Ukraine's corporate raiders take time out - but for how long?

By bne IntelliNews February 10, 2010

Graham Stack in Kyiv -

Like most other industries in Ukraine in 2009, the burgeoning business of "corporate raiding" took a breather in 2009, but some analysts expect raiders to return when economic growth restarts.

Corporate raiding in Ukraine is a euphemism for the illegal and corrupt manipulation of Ukraine's patchy legislation and ramshackle institutions to seize control of unsuspecting companies. Measures typically employed range from excluding shareholders from meetings by holding them at short notice in a distant location to alteration of company registers, to purchasing or faking court decisions. It is the most blatant symptom of Ukraine's terrible investment climate that groups this EU hopeful with far poorer developing countries in ratings of corruption, economic freedom and ease of doing business.

But for all the bad news in 2009 concerning the economic crisis, one bright point seemed to be the sharp decline in incidents of raiding. While there are no statistics specifically on corporate raiding, since there is no legal definition of the offence and its methods are continually changing, market observers agree that in 2009 corporate peace unexpectedly broke out. "After the furious activity of 2007-2008, 2009 was suddenly very quiet," Jury Kravets, spokesman for the Ukrainian Antiraider Movement tells bne. Vitaly Burdak of Kyiv law group Pavlenko & Poberezhnyuk agrees: "In 2009 there was calm after the wave of raiding in 2008."

Law of the land

It would be nice to think that government attempts to improve corporate governance had paid off. In September 2008, Ukraine's parliament the Rada finally passed a law on joint stock companies (JSCs) that was immediately hailed as a leap forward in protecting shareholder rights. Previous to the law, the only legal text regulating JSCs was one section of a 1991, ie. Soviet-era, law on "business associations." The new law detailed for the first time the conditions and standards for establishing, governing and cessation of JSC activity, and the legal status and mechanisms that protect shareholders' interests. Pretty much the basics for civilized investing, bringing Ukraine into line with international and EU norms. The law "will protect the rights of minority shareholders whilst at the same time protecting businesses from possible abuse and attacks by minority shareholders - so called 'raider attacks'," Oleg Marchenko of Magister's law firm said at the time.

With the main part of the law entering into force six months later, and the number of corporate raids apparently nosediving in 2009, it would seem that the law achieved its goal. "Life has become difficult for raiders now, with the JSC law seriously complicating matters for them," Sergei Petrashko, head of the State Commission on Securities and Stock Exchange that played a key role in drawing up the law, proudly claimed in December.

But analysts say it's too early to get out the champagne, pointing out that the 2009 crisis impacted on raiders just as it did on all other market actors. "The drop in raiding activity was in fact hardly due to the law on Joint Stock companies, which only entered into force less than a year ago, but was simply due to the economic crisis and the drop in liquidity," argues Burdak, "While the risks for raiders remained the same, in legal terms, that the raid might not be successful, the drop in the market's liquidity meant that the profit chances were significantly reduced."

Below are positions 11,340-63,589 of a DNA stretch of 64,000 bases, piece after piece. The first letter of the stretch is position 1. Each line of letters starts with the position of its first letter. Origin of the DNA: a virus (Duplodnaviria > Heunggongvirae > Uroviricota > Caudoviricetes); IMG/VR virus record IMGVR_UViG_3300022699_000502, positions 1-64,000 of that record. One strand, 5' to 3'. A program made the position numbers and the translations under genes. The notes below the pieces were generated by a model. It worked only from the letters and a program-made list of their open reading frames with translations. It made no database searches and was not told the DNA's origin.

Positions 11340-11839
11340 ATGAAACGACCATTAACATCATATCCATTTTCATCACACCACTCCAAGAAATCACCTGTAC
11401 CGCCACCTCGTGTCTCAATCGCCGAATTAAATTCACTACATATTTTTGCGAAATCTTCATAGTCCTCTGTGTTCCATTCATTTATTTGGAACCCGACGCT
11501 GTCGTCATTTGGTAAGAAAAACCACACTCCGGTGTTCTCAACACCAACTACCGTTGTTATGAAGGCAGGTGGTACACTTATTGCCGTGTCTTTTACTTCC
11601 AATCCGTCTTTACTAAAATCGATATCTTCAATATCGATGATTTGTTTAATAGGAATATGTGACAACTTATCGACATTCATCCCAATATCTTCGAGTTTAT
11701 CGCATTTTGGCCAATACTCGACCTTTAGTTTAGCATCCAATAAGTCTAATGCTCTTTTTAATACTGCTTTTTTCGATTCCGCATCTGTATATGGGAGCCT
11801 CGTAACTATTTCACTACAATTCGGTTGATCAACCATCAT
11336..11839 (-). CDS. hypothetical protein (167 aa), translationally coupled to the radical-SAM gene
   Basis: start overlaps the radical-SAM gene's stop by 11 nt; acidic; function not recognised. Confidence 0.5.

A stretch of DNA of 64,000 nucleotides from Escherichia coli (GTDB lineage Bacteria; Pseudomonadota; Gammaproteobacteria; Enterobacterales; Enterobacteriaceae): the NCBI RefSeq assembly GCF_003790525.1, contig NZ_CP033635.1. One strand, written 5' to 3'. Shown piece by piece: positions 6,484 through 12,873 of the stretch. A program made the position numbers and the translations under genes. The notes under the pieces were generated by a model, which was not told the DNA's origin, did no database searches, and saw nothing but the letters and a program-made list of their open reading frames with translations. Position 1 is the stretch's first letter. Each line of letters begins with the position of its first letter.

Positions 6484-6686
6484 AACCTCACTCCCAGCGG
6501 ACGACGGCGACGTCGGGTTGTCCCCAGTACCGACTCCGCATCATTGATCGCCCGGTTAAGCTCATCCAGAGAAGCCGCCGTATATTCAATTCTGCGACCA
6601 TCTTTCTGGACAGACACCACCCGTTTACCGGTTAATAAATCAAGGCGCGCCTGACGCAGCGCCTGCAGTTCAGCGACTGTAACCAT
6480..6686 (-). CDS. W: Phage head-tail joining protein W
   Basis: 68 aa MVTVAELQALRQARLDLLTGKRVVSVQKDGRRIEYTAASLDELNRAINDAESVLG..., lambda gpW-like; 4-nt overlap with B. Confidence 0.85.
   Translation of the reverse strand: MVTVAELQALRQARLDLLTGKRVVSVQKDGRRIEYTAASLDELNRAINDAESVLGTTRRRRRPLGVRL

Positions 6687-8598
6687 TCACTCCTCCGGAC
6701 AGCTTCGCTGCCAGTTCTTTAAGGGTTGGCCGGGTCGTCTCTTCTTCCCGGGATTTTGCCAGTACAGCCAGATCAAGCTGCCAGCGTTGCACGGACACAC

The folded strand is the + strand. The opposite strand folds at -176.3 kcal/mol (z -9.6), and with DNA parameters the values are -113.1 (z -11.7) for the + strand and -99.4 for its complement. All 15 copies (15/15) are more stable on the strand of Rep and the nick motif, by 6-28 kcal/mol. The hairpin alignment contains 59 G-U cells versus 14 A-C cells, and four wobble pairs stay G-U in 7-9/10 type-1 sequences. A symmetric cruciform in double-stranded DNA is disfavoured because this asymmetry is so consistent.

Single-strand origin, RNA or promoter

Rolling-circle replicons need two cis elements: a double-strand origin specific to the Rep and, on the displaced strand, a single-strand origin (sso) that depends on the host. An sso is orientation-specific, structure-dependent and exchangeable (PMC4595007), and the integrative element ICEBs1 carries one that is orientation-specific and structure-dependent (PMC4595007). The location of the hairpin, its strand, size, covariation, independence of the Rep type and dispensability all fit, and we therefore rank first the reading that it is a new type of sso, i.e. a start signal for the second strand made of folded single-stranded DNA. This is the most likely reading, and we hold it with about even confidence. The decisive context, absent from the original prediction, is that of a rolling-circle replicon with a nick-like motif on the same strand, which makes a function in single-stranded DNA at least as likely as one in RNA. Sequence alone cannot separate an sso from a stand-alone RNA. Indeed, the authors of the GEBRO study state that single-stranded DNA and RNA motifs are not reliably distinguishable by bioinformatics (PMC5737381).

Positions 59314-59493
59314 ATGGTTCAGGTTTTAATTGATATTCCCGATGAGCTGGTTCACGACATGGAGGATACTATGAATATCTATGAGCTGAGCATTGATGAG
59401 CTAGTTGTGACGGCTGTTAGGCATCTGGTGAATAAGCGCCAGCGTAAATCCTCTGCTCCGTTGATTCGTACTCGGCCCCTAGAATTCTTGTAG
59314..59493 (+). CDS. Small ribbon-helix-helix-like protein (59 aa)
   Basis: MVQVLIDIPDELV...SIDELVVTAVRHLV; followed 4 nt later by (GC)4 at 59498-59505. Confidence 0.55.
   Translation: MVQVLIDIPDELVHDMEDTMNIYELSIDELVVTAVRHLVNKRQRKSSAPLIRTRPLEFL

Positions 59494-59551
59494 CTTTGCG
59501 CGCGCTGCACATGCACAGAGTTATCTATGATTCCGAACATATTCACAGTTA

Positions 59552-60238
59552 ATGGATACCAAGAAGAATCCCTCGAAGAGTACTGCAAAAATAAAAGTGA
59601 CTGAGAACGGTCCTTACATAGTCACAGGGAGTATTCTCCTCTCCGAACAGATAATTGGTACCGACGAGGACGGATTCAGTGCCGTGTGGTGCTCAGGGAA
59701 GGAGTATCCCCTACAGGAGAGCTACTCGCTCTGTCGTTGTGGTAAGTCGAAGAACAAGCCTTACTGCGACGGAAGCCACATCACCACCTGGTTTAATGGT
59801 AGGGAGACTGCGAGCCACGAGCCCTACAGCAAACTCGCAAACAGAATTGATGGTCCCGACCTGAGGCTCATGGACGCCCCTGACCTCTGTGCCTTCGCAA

"Raiders are also only human," says Kravets, "and had difficulty raising funds last year for the costs, including bribes, needed for a successful raid." Indeed, statistics from Russia's Interior Ministry confirm there was a drop in corporate raiding there as well in connection with the crisis

The jury is now out on whether raiders will return as soon as the economy picks up. Kravets even sees raider activity already increasing as of late 2009.

On the other hand, Burdak argues that besides the law on JSC, there have been a number of other measures passed that will have a more direct affect on keeping raiding down. "In fact, the main aim of the law on JSCs was not to put an end to raiding, but to make it easier for companies to attract capital on the stock exchange," he explains. "Recent changes to the criminal code should impact more directly in clamping down on raiders."

In addition, according to Petrashko, in 2009 there was a purge of provincial judges who had specialized in hearing cases at the behest of raiders and tighter regulation of court activities.

The real significance of the joint stock law will take longer to unfold, and will be more relevant for the stock market as a whole than for the narrow issues of raiding, agrees Olga Tripol'skaya, deputy director of the Ukraine Association of Investment Business, lobbyists for operators on Ukraine's stock exchange. The law on JSCs implements a shift from the post-privatisation proliferation of closed and open joint stock companies - with only the latter traded publicly - to the strict Western division between private and public companies. Companies registering as public companies will be forced to list publicly and disclose full information, says Tripol'skaya. Minority rights will benefit from clear specification of obligatory buy-out rights.

Companies have to change their status by April 30, 2011, and most are only starting to think about it now, so the real affect will be felt much later. Minority investors will definitely gain, but in a certain sense raiders may also derive benefits, says Burdak, since they often use minority rights as a weapon to remove company management.

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